1

C# has made a language feature of the NotImplementedException. It's added to a lot of auto-generated code, such as event handler stubs:

// Auto-generated
private void TextBox_MouseDown(object sender, MouseEventArgs e)
{
    throw new NotImplementedException();
}

What makes this exception

  • useful?
  • a good language feature?

It seems to me that the only person who should ever see that exception thrown is the developer of a piece of software - but that's what issue and TODO tracking systems are for.

  • It's only a good thing as far as its a very visible reminder that something isn't done. Far too often however, it's used to avoid fully implementing an interface, which should never be done because it breaks Liskov's substitution principle. – RubberDuck Jun 28 '16 at 22:29
  • 2
    @ArtOfCode That's still not a language feature, the Base Class Library is technically not part of the language. – svick Jun 29 '16 at 15:28
  • 3
    As Brian Kernighan once said (in a lecture I attended) -- "what runs, the code or the comments?" – Eric Lippert Jun 29 '16 at 22:03
  • 1
    Heh. @RubberDuck your wish came true ^ – ArtOfCode Jun 29 '16 at 22:05
  • 1
    I believe Eric Lippert kibozes Stack Overflow, showing up wherever his name is mentioned. And then there's people like me, who regularly check his activity feed to see what wisdom he's bestowed lately‚Ķ – user101289 Jun 30 '16 at 13:37
17

It allows the code to compile for your method stub (regardless of the method's return type), while you get around to putting in an implementation.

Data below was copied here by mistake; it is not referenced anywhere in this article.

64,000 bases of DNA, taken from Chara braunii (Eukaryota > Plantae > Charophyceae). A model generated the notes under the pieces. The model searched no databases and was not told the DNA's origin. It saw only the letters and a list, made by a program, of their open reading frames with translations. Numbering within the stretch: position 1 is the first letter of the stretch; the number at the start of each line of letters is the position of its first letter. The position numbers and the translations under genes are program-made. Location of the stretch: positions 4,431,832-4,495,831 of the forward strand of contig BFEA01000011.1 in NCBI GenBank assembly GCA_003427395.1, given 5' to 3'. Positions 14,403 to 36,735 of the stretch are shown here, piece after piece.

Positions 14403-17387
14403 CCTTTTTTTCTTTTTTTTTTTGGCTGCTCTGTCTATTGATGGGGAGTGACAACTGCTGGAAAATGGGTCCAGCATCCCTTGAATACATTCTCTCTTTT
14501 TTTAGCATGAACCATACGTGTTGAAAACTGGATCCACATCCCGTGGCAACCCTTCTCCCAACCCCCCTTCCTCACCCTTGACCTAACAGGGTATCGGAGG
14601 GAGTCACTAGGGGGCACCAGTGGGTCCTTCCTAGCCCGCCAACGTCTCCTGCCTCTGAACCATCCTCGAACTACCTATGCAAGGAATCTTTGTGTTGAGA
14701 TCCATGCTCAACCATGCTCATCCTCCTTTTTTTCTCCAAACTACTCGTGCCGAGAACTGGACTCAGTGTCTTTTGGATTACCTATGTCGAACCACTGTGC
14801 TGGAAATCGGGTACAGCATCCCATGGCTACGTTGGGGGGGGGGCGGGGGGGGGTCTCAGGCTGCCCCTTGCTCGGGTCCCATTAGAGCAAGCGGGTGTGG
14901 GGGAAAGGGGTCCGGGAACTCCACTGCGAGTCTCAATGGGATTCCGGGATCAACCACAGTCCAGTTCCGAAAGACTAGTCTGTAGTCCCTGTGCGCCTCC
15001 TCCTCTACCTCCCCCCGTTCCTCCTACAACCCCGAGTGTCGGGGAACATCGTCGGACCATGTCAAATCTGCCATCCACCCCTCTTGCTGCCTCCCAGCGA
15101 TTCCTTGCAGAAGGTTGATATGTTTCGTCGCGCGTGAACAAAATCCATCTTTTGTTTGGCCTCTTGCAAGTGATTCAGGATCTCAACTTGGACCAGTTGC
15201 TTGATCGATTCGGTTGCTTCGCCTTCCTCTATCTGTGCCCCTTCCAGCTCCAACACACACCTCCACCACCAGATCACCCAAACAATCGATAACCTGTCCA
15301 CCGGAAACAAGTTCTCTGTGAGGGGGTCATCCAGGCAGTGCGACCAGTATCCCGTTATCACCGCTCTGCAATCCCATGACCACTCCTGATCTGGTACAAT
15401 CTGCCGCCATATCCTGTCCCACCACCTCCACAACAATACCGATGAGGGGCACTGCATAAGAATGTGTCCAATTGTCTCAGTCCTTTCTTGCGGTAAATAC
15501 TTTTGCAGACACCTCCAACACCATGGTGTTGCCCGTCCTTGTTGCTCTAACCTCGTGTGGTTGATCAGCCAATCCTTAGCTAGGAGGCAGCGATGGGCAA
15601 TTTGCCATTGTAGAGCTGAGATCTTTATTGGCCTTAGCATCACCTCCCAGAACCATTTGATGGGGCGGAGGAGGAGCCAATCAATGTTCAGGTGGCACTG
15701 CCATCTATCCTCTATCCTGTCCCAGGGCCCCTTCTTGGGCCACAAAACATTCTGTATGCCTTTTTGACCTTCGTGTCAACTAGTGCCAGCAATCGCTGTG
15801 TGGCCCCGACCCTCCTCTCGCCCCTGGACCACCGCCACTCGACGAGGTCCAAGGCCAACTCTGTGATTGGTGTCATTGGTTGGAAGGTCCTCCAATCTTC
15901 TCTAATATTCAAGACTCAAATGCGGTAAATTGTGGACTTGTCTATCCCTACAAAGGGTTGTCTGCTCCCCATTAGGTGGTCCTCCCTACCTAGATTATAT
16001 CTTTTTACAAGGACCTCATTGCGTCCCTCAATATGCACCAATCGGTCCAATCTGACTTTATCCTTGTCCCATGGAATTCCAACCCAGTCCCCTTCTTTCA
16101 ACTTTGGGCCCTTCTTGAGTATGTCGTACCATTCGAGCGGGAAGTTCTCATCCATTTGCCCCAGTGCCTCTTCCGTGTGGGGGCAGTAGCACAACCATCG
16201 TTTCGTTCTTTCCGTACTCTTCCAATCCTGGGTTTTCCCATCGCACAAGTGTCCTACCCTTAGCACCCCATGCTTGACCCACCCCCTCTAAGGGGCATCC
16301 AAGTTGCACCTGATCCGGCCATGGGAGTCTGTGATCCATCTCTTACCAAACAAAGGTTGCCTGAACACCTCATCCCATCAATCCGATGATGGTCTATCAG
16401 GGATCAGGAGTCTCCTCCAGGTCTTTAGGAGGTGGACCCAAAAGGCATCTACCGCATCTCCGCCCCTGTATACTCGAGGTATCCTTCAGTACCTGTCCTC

It also reminds you to put in the implementation, because it will throw the first time you try to MouseDown on that textbox. A thrown exception that says "This method is not implemented" is much better than clicking a textbox and wondering why nothing happens.

| improve this answer | |
7

There is an additional case which wasn't mentioned in the previous answers: mocks for unit tests.

A mock can need to implement only a small part of an interface, but to compile, it should declare all of them. The not implemented exception makes then a very clear difference between methods which are actually required by the test, but return nothing or a dummy value, and methods which aren't needed during the test.

| improve this answer | |
  • 1
    That would be NotSupportedException, not NotImplementedException. I note that NotSupportedException is also used by many BCL types like ReadOnlyCollection<T> and various Stream subclasses when it was commonplace (but not necessarily a good idea) for types to only partially implement an interface - this was before the advent of IReadOnlyList<T>, I note). – Dai Nov 5 '19 at 11:53
  • @Dai I disagree. NotSupportedException is used when implementing a method is optional and there is an explicit choice not to. NotImplementedException is used prior to any implementation decisions. With mocks, the programmer doesn't choose to not implement each unimplemented method. They haven't thought about it, and won't think about it. – ILMTitan May 6 at 22:49
  • @ILMTitan That's not my opinion though - Microsoft's own documentation for NotImplementedException says "a NotImplementedException exception should be synonymous with 'still in development.'" - there's no mention in the article suggesting it should be used for mocks and the "other exception types" section name-drops NotSupportedException. – Dai May 6 at 22:59

Not the answer you're looking for? Browse other questions tagged or ask your own question.